The Southerner

From Somalia to the stage: South teacher brings immigrant story to life

 Actor Mohamed Ahmed portrays Ahmed Yusuf as a struggling college student. On either side of him (from left to right) are actors Tracey Maloney and Mikell Sapp playing Camel and Owl, characters that represent Ahmed’s conscience and help him through difficult times

Actor Mohamed Ahmed portrays Ahmed Yusuf as a struggling college student. On either side of him (from left to right) are actors Tracey Maloney and Mikell Sapp playing Camel and Owl, characters that represent Ahmed’s conscience and help him through difficult times

Siobhan Sullivan, Staff Writer

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“It’s a Somali proverb that says ‘If people come together, we can mend a crack in the sky,” said actor Mohamed Ahmed. That is exactly what South teacher and playwright Ahmed Yusuf has portrayed in his play A Crack in the Sky now playing at the History Theater in St. Paul.  

A Crack in the Sky was written by Ahmed Yusuf and Harrison Rivers, and is about Yusuf’s life in the United States after leaving his home country of Somalia during the Somali civil war in the 1980’s. The play begins with the main character Ahmed in college as a struggling student who hasn’t eaten in weeks, has no money to send to his family in Somalia to save his ill mother, and whose cousin (a General in the war) has just been shot and severely injured. Ahmed gets through these hard times by recalling folk tales his mother used to tell him, along with his support from his conscience which is portrayed by a talking camel and owl that guide him.

One day a professor notices him struggling and does all that she can to help him. Slowly, his determination and persistence mixed with support from his professors allows him to succeed and his life begins to change for the better.

The play tells the story of writer and Somali language teacher Ahmed Yusuf, over 80% of the play is about him and his experiences. Yusuf left Somalia as a teen who was, “raging with anger” as he described, in hopes of escaping the Somali Civil War and starting a new life through education in the United States. The Civil War was just beginning but Yusuf knew that to stay would be the wrong decision. “I did not want to get involved because I knew like anyone else that they would give me a gun and I didn’t want to kill anybody, but I was really really angry,” said Yusuf.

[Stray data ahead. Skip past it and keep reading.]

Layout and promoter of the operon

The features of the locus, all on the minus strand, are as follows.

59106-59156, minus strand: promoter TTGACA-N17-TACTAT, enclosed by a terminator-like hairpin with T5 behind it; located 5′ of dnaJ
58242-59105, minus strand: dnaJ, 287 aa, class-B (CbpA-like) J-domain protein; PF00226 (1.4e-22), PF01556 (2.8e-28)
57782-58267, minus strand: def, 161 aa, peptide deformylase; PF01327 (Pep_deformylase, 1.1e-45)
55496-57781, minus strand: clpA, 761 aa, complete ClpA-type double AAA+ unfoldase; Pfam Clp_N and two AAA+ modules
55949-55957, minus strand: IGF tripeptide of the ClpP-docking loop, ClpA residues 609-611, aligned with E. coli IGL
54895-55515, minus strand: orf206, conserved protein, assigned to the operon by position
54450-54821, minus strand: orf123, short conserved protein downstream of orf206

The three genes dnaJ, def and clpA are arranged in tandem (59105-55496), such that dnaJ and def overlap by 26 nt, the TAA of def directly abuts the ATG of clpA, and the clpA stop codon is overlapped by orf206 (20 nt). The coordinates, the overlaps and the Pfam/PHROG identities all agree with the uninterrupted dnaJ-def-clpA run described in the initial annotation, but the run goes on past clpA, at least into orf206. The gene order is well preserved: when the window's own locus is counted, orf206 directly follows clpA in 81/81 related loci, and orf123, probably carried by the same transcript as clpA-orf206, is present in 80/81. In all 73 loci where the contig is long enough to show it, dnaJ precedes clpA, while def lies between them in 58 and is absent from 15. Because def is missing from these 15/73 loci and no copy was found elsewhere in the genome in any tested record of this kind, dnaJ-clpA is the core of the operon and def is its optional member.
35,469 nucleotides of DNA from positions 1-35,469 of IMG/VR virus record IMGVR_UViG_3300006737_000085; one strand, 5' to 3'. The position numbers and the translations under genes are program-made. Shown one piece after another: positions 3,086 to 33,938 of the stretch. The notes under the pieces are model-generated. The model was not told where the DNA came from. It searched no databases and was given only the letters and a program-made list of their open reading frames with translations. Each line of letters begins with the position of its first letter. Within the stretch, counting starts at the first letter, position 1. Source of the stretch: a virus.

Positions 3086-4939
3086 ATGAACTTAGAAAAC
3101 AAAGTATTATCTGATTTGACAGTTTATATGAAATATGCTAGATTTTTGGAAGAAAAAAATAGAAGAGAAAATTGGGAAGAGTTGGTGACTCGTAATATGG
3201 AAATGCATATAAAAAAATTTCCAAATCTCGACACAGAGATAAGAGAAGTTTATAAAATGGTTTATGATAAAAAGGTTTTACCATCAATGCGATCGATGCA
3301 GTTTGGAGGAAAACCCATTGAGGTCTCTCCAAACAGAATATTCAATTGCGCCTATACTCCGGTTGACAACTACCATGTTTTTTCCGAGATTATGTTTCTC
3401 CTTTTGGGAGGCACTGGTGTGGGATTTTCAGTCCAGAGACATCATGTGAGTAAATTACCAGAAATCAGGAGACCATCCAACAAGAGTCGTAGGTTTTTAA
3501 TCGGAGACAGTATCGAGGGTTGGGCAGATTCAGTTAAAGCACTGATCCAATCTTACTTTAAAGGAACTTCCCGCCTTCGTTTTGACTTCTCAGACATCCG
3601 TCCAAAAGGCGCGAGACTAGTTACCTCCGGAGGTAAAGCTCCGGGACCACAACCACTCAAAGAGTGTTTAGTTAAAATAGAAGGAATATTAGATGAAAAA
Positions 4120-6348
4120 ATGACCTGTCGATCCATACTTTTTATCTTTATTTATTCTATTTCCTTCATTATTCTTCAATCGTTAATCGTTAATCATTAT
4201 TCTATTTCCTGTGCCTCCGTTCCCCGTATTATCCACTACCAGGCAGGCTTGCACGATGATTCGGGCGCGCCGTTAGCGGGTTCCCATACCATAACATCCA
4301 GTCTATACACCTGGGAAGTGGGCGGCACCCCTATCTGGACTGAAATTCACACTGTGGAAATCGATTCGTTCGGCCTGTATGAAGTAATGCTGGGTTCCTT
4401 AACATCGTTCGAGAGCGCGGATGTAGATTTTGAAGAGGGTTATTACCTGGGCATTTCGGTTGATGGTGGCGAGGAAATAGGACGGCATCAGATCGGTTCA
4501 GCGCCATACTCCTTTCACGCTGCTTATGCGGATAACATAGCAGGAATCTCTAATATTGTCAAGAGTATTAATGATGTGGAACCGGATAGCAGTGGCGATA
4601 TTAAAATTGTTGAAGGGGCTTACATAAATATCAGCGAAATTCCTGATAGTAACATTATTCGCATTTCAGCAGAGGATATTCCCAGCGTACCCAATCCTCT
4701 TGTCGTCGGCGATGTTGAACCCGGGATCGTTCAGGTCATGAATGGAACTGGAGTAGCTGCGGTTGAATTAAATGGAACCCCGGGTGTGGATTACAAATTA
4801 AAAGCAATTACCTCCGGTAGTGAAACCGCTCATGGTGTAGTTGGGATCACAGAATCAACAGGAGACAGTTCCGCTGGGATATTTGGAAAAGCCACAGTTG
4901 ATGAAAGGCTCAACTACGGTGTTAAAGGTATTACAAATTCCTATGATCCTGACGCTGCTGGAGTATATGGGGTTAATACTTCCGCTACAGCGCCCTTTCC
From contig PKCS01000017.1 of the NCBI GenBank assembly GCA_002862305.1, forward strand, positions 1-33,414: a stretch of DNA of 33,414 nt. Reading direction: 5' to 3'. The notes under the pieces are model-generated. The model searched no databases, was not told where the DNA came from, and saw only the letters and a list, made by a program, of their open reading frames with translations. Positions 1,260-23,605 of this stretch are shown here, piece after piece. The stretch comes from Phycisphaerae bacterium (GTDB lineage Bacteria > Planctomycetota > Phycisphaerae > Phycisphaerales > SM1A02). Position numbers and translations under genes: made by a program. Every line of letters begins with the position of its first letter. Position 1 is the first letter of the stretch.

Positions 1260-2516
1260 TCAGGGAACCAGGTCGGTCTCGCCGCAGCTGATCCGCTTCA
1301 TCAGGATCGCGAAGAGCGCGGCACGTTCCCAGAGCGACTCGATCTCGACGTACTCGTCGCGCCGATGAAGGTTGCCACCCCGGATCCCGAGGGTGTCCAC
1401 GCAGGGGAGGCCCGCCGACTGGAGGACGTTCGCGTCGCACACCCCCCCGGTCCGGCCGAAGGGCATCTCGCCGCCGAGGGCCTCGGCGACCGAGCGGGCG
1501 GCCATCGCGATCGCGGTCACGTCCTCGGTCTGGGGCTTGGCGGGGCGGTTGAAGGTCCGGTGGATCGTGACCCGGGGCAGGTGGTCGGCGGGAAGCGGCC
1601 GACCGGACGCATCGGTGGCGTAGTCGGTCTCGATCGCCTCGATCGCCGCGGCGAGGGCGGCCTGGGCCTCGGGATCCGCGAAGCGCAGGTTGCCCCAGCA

So he traveled to the United States and after moving from state to state, ended up at Trinity College in Connecticut where he earned his degree in creative writing and psychology. As a high school dropout this was very difficult, but with the help of his professors Yusuf was able to succeed.

Eventually Yusuf found himself in Minneapolis. “I was trying to find out where the largest Somali community was and all of a sudden I find out it was Minnesota. I thought ‘My goodness these people are completely lost, they have no idea what they are getting into. I’m going to go there and tell them that’s not the place for them.” He laughed and continued, “I thought they lost their mind, so I lost my mind too. I love it here.” Yusuf is in his fourth year as the Somali language teacher here at South.